“Killing these cancer stem cells is the holy grail of cancer treatments and therefore holds promise for complete eradication of cancer,” says Dr. Sarit Larisch of the University of Haifa.
These are not words pronounced lightly; instead, they follow more than a decade of research that could give hope to cancer patients worldwide. Along with her colleagues, Larisch has established the basis for developing a new, more effective treatment for cancer using a protein called ARTS.
ARTS is a protein, which along with a number of other proteins and enzymes, regulates what is known as apoptosis. Apoptosis is the process of programmed cell death which occurs when a cell is damaged, mutated or no longer functional. ARTS acts as a trigger for cell death, its presence allowing for enzymes called caspases to destroy the non-functional cell.
But this process is missing in cancer cells.
Destroying cancer cells using the natural process of self-destruction
Larisch’s research shows that unlike normal cells, cancer cells have an absence of the ARTS protein. “Without the ARTS protein, cells can’t be triggered to self-destruct. As a result cancer cells can survive and develop into a tumor,” she tells NoCamels.
“We have found that ARTS is lost in many types of cancers. Therefore, determining levels of ARTS in blood could provide a marker to alert to the possibility of developing certain types of cancers.” Consequently, Dr. Larisch believes that small molecules that mimic ARTS could restore the ability of cancer cells to be killed selectively using the natural process of apoptosis.
“ARTS-based cancer drugs could potentially change the treatment method of cancer worldwide,” Larisch tells NoCamels. “We have found that ARTS is particularly important for the death of defective stem cells. We therefore believe that ARTS-based drugs will specifically eliminate cancer stem cells (the cells that drive the growth of a tumor and are often resistant to chemotherapy or radiotherapy).
The therapy would also minimize common side-effects of conventional cancer treatment. “All currently available cancer drugs have unwanted side effects because they harm normal cells as well. In contrast, ARTS-based cancer drugs should only kill cancer cells because they act by specifically correcting the defect in their cell suicide program, caused by the loss of ARTS,” says Larisch.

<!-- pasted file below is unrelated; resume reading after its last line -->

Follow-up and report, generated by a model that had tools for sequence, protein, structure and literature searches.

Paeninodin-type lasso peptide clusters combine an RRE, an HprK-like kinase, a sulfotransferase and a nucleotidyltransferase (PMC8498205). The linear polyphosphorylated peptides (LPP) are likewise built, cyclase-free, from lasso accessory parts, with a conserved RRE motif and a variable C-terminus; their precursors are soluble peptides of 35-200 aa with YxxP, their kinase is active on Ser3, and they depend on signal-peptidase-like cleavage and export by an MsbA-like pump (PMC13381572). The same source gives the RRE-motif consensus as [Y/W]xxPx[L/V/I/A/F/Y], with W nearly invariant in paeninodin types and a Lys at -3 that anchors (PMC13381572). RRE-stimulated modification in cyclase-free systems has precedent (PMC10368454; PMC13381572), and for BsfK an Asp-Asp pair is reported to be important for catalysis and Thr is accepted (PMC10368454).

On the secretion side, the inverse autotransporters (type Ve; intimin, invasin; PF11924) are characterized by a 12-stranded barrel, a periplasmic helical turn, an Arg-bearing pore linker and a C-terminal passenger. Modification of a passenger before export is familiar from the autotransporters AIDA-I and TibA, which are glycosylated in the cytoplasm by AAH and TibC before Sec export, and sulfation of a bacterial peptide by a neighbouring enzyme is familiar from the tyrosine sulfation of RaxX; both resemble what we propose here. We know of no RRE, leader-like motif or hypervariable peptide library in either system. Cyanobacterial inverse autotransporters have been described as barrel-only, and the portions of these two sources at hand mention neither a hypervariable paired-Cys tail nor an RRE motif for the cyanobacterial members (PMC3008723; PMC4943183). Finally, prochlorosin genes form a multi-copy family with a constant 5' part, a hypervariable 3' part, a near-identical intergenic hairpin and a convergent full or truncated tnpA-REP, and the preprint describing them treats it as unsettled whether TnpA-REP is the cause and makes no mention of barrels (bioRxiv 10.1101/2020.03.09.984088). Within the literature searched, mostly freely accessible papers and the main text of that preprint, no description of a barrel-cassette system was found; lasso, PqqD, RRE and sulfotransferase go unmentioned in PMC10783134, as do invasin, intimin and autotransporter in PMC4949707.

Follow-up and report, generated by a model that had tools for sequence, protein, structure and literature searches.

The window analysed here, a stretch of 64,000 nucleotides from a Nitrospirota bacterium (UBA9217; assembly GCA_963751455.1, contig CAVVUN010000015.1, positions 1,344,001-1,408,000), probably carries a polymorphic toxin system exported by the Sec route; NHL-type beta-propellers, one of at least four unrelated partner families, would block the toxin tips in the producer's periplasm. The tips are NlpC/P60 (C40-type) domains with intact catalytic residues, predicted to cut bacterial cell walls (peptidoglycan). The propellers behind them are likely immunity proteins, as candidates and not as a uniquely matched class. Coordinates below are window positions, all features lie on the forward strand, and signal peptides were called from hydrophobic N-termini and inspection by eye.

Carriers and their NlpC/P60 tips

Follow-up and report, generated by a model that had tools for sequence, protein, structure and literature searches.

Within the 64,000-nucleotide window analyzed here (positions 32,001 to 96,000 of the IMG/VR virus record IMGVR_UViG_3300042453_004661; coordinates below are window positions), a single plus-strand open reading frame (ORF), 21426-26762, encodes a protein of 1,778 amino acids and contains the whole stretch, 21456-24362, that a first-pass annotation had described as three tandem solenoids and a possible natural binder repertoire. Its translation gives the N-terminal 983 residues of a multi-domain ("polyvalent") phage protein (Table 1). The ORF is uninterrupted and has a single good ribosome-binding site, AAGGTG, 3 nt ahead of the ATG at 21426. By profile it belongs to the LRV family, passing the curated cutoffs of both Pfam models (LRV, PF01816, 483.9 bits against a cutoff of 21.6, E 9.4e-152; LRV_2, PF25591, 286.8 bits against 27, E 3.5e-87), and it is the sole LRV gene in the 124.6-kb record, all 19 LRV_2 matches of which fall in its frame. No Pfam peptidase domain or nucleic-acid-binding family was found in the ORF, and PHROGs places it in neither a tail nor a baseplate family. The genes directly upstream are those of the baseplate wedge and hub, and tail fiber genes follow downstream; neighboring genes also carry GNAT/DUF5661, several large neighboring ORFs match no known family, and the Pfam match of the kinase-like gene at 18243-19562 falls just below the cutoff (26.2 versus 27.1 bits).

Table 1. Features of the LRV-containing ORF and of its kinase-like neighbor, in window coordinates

13 years in the making
Dr. Sarit Larisch discovered the protein during her post-doctoral studies at the NCI/NIH , Bethesda, MD. This discovery was first published in the journal “Nature Cell Biology” in the year 2000. She has been working on this project ever since and has revealed how ARTS is essential for cell death on a molecular level. Cancer research was Larisch’s initial interest, which she returned to after the discovery of ARTS.
“After completing my PhD in Tumor Immunology, I became very interested in apoptosis. The decisions a cell makes which determine whether it will live or die fascinated me.” It was not until further in her career, when Larisch discovered the connection between the ARTS protein and cancer, that she began focusing on using the information gathered about this protein for the development of novel ways for cancer diagnosis and treatment.
Despite the success of her work, Larisch says that finding support and funding was not always easy. “I consider myself very lucky with the research support that we’ve gotten. Unfortunately, developing cancer drugs is very costly and goes beyond typical academic budgets. Right now, we’re ready to start developing ARTS-based cancer drugs. But we need more funding, to move full speed ahead.”
Her research received funding from the Israeli Science Foundation, the United States – Israel Binational Research Foundation (BIRD), as well as some private donors.
Larisch completed her education at the Hadassah Medical School of the Hebrew University of Jerusalem. She moved on to obtain her post-doctorate degree at the National Cancer Institute/NIH in the United States. Upon discovering the ARTS protein, she returned to Israel and founded her own research laboratory. She is currently the head of the Biology and Medical Sciences department at the University of Haifa. Larisch has had a Visiting Professor appointment at the Rockefeller University in New York for the past 12 years, where she works in close collaboration with Professor Hermann Steller and members of his lab.
Currently, she and her colleagues are in contact with several investors and pharmaceutical companies to obtain funding for ARTS-based cures. Larisch hopes to start developing ARTS-based cancer drugs as soon as possible and establish the ARTS protein as a biomarker of susceptibility to cancer.
by Sophie Imas , originally published on NoCamels.com